Latinos in America are currently facing huge challenges. Latino children have been separated from their parents at the border and anti-Latino speech has been on the rise. With these stories in the news, it is easy to forget another area where Latinos are facing an uphill battle: Corporate America. CNN recently published an eye-opening article about Google, stating the company has a hard time keeping its Latino employees. The article summarized Google’s annual diversity report, which specified that the company’s employee attrition rates were highest for black and Hispanic employees. Currently, Google’s Hispanic employees make up only 3.6% of the company’s US employees while Latinos represent 18% of the entire US population.
I wish I could state that Google losing its Latino employees is an isolated case, but the high attrition of people of color, and in particular Latinos, is not an uncommon experience among many corporations.
During the 18 years I worked at Microsoft Corp, where I led Diversity and Multicultural Marketing, I saw less than a handful of Latinos in executive positions. Today there are no Latinos in the company’s board of directors and none in its senior leadership team. Occasionally one sees a Latino VP, GM or Director. In the latest diversity report, Microsoft reported that the percentage of Hispanic/Latinx employees in leadership roles is 4.3%.
Microsoft and Google are not alone in their diversity and retention challenges. Losing talented Latino employees is a widespread problem for most companies. According to the Hispanic Association on Corporate Responsibility (HACR), the average attrition for Hispanic employees in 2016 was 20%. Simply put, Latinos are not staying in corporate America.
Behind the low numbers
What might be the culprit behind low retention numbers? In many cases Latinos working in corporate America were challenged by conscious and unconscious biases, and as a result, they don’t feel welcome or like they fit in. Many feel like outsiders or generally misunderstood. After studying the topic for several years and being Latino myself working in the corporate world, I have concluded that there are the following issues:
- Lack of role models at high levels
- Lack of sponsorship/mentorships
- Non-Latino managers of Latino professionals not understanding how to best manage Latino employees, and
- Latino professionals having their own cultural blind spots.
Having said that, I am hopeful that companies will continue to try to understand and nurture Latino employees, and that Latino professionals can also do better by enhancing awareness and performance.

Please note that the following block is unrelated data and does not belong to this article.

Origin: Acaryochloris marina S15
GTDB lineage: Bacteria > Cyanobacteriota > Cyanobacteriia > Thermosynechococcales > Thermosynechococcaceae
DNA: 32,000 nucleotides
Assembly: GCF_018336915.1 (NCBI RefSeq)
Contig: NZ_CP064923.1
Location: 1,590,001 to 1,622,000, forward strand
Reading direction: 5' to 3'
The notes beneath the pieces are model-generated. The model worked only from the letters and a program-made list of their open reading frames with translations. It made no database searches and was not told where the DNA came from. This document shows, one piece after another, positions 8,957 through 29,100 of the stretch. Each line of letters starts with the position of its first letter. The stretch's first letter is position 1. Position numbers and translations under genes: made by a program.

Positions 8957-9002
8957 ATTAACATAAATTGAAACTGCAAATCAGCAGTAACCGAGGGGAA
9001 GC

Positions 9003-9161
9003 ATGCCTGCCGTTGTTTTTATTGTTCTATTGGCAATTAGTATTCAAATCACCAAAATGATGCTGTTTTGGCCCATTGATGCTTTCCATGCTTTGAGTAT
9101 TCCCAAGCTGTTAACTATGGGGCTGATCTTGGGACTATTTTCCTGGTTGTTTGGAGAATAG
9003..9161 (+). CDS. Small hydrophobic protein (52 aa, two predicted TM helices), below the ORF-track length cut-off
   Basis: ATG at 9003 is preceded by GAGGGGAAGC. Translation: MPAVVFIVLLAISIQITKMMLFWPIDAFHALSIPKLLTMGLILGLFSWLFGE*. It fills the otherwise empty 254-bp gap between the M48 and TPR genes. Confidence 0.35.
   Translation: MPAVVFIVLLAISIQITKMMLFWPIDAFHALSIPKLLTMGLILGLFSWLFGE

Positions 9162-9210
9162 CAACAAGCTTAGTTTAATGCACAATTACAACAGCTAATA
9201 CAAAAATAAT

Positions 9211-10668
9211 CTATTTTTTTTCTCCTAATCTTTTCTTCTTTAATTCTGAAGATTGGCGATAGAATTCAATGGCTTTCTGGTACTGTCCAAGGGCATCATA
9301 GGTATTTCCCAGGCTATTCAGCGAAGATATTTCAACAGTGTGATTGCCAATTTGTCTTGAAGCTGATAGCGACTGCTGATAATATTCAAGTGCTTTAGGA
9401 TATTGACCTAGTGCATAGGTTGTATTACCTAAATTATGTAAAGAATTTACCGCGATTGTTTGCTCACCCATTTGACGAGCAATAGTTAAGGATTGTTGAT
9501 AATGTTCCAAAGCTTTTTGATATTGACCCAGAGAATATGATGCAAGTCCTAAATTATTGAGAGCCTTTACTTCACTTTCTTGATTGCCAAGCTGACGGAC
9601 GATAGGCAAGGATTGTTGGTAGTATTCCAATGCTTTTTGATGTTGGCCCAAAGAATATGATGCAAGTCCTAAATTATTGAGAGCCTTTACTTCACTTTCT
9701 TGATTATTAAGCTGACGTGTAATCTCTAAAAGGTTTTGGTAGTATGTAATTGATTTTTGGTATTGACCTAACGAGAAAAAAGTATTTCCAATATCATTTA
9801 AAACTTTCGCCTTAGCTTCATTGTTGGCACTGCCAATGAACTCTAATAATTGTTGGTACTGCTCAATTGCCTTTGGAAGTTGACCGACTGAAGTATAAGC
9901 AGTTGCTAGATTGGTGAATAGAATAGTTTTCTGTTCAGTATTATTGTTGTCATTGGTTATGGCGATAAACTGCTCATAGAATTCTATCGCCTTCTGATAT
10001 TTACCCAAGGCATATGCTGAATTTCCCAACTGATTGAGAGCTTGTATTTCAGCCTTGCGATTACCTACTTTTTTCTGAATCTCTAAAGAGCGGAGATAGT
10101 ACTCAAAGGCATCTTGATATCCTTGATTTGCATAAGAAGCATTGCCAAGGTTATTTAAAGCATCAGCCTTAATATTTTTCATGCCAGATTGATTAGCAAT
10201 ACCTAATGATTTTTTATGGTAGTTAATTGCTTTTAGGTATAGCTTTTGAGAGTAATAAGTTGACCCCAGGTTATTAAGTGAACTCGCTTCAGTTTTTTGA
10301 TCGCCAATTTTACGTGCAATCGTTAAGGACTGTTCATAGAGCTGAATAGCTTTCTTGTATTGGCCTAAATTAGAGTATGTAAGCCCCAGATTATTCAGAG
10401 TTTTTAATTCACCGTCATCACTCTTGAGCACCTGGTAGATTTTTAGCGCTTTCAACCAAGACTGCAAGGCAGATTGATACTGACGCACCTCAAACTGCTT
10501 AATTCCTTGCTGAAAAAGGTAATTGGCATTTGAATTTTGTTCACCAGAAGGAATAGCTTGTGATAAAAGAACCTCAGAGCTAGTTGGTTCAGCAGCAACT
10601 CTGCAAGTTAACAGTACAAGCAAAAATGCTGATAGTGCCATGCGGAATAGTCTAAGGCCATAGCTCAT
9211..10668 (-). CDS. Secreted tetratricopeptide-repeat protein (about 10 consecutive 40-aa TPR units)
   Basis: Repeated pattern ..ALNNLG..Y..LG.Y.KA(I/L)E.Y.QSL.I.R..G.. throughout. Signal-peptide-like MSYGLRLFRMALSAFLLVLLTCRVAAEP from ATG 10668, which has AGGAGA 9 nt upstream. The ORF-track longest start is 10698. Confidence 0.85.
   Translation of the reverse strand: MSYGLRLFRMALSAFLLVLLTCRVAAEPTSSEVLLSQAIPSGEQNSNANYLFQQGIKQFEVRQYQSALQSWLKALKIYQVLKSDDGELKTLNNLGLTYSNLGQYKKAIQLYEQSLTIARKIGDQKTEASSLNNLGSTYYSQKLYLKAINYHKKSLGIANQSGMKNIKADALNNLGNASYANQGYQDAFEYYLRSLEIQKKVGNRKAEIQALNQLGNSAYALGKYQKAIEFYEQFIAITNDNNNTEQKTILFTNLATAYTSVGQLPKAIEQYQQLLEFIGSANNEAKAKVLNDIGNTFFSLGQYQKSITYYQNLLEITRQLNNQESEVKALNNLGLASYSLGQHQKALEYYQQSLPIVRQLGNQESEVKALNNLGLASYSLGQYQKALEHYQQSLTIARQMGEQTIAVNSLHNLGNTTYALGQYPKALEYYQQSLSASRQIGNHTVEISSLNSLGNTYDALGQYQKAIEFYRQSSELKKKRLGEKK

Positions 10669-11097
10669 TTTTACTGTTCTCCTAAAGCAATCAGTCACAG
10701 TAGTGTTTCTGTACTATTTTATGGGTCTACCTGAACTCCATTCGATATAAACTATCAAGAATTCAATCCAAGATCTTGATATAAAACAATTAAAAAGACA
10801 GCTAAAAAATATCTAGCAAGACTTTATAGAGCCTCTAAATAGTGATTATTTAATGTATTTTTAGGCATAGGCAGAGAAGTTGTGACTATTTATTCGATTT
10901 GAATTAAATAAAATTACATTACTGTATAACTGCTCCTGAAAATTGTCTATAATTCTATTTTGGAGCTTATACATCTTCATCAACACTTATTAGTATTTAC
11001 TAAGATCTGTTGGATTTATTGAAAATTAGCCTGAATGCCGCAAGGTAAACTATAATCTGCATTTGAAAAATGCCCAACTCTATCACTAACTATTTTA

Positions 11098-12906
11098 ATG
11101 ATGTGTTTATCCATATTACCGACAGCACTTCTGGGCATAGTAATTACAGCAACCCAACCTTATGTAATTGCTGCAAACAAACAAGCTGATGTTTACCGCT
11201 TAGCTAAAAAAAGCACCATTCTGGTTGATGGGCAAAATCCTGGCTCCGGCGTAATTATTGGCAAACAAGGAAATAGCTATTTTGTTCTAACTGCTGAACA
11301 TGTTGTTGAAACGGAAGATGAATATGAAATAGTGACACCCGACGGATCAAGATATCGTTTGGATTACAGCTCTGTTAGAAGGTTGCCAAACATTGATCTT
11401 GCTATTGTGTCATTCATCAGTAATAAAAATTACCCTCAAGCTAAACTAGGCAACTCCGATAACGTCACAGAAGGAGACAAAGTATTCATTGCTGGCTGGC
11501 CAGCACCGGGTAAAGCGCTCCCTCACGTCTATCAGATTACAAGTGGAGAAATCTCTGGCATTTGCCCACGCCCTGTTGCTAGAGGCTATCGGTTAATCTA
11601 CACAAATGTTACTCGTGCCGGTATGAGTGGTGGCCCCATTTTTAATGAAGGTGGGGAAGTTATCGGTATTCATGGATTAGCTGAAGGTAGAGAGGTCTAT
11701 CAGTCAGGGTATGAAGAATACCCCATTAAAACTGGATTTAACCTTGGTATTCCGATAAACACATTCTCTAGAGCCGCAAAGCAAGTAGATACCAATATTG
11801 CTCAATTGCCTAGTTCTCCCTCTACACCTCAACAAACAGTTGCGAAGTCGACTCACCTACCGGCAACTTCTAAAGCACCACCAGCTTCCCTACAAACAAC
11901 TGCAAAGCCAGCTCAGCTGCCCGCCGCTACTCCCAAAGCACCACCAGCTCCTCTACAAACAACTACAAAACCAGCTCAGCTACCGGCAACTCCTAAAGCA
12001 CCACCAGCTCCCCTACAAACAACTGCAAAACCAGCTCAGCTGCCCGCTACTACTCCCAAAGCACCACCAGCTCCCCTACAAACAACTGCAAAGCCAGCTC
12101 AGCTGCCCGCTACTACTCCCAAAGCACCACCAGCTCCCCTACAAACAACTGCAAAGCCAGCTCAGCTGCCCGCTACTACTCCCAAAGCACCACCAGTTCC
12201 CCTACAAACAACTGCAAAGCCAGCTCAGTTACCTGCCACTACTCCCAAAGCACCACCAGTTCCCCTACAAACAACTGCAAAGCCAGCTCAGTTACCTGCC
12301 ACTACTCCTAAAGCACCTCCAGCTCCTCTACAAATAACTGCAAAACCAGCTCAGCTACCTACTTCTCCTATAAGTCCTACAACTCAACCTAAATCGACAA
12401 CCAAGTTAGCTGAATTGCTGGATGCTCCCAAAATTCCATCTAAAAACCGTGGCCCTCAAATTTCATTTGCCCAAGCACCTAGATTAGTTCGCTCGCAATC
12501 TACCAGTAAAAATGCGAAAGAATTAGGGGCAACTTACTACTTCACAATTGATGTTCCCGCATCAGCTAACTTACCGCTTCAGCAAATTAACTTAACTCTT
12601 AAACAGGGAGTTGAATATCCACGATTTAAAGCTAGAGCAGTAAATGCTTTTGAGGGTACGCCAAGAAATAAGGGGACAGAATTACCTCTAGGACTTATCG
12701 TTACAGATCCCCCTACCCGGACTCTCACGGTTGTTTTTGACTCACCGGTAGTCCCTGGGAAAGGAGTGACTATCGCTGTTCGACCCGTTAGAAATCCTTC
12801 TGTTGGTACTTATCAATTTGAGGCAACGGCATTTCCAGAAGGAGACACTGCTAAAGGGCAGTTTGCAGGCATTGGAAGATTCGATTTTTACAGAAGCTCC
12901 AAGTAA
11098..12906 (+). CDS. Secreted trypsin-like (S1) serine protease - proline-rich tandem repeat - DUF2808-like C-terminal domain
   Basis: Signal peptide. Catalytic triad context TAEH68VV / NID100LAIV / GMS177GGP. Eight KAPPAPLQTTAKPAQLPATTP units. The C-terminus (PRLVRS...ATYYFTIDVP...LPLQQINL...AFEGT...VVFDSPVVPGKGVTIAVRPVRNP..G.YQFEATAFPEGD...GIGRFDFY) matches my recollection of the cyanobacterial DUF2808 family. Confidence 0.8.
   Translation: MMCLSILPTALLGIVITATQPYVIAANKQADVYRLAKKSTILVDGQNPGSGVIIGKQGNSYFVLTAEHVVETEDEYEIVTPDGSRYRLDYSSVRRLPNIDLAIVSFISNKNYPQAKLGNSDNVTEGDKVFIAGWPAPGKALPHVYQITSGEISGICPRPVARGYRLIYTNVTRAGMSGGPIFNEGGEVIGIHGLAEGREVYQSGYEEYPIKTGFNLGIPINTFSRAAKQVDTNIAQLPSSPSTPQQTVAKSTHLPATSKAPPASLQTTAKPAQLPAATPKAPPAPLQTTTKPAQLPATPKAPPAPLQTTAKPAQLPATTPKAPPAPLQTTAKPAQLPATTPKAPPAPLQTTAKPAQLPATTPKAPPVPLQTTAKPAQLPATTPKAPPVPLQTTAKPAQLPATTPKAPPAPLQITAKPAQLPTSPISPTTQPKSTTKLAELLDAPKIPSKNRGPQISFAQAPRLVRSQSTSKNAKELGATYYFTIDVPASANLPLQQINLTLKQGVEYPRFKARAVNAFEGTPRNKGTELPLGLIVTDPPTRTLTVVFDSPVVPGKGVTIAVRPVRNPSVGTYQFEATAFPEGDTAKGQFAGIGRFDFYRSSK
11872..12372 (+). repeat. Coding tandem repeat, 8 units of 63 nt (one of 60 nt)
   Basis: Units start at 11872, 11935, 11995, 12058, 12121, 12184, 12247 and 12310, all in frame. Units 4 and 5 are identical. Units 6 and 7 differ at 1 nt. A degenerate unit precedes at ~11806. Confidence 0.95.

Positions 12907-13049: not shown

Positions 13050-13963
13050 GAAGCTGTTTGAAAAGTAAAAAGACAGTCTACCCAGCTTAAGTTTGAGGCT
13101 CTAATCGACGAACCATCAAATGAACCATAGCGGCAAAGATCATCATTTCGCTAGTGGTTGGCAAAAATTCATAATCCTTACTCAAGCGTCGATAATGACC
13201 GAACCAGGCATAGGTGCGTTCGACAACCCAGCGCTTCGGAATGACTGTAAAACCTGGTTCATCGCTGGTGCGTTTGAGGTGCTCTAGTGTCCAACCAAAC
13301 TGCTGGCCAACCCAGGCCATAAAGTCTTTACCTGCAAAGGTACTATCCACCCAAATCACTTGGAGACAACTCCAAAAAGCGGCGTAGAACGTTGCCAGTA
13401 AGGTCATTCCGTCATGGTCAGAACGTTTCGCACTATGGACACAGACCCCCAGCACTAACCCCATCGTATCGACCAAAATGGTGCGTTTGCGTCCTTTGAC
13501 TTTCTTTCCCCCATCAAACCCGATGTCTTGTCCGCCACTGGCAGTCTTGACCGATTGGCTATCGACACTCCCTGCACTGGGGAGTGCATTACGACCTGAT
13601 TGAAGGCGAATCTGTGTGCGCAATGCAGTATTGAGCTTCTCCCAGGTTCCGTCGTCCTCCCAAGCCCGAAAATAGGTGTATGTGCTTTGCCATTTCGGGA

What can companies do today to retain and develop Latino employees? More representation in the corporate suite and serving on boards is a longer-term problem that will take years to correct. There are great organizations such as HACR and Latino Corporate Directors Association working on that. However, most companies can act today to significantly improve both the performance and the sentiment of their Latino employees by doing the following:
Article Continues Below
Hire for what’s next with Greenhouse.
Provide coaching and mentorship opportunities to their Latino employees – Most successful professionals benefited from having a coach or mentor. Via one-on-one, group coaching, or mentorship circles, employees can have senior professionals providing guidance and advice on career and performance management. Mentorship and coaching are some of the most effective and cost-efficient ways to increase employee retention and loyalty.
Deliver cultural awareness and understanding to non-Latino managers of Latino employees – People don’t know what they don’t know. Managers may have cultural unconscious and conscious biases towards Latino employees. From communication styles to values, there are many aspects that a manager can misunderstand about a Latino professional. Wouldn’t it be great if we help managers better understand the culture and idiosyncrasies of Latino employees so they can strengthen trust and jointly deliver better performance? The Latino employee will feel better understood and welcomed in the workplace. The manager will get more out of the Latino employee as well.
Help Latino professionals enhance their performance by providing leadership development training – Leadership development specifically tailored to Latino employees allows Latino professionals to learn about their Latino cultural assets, blind spots, and competencies. This practical knowledge empowers Latinos to develop as Latino leaders and elevates their own on-the-job performance.
Companies that integrate the above will obtain positive, visible, measurable results. Latino professionals will feel wanted, welcomed, and right at home within corporations. Retention of Latino employees will increase, the diversity & inclusion in the company improves, and ultimately this drives innovation. Net, everyone wins. I hope most companies will see retaining Latino employees not only as an opportunity to do the right thing for Latinos in America, but also as a great way to grow their business and prepare their companies to capitalize on how America will look in a few decades.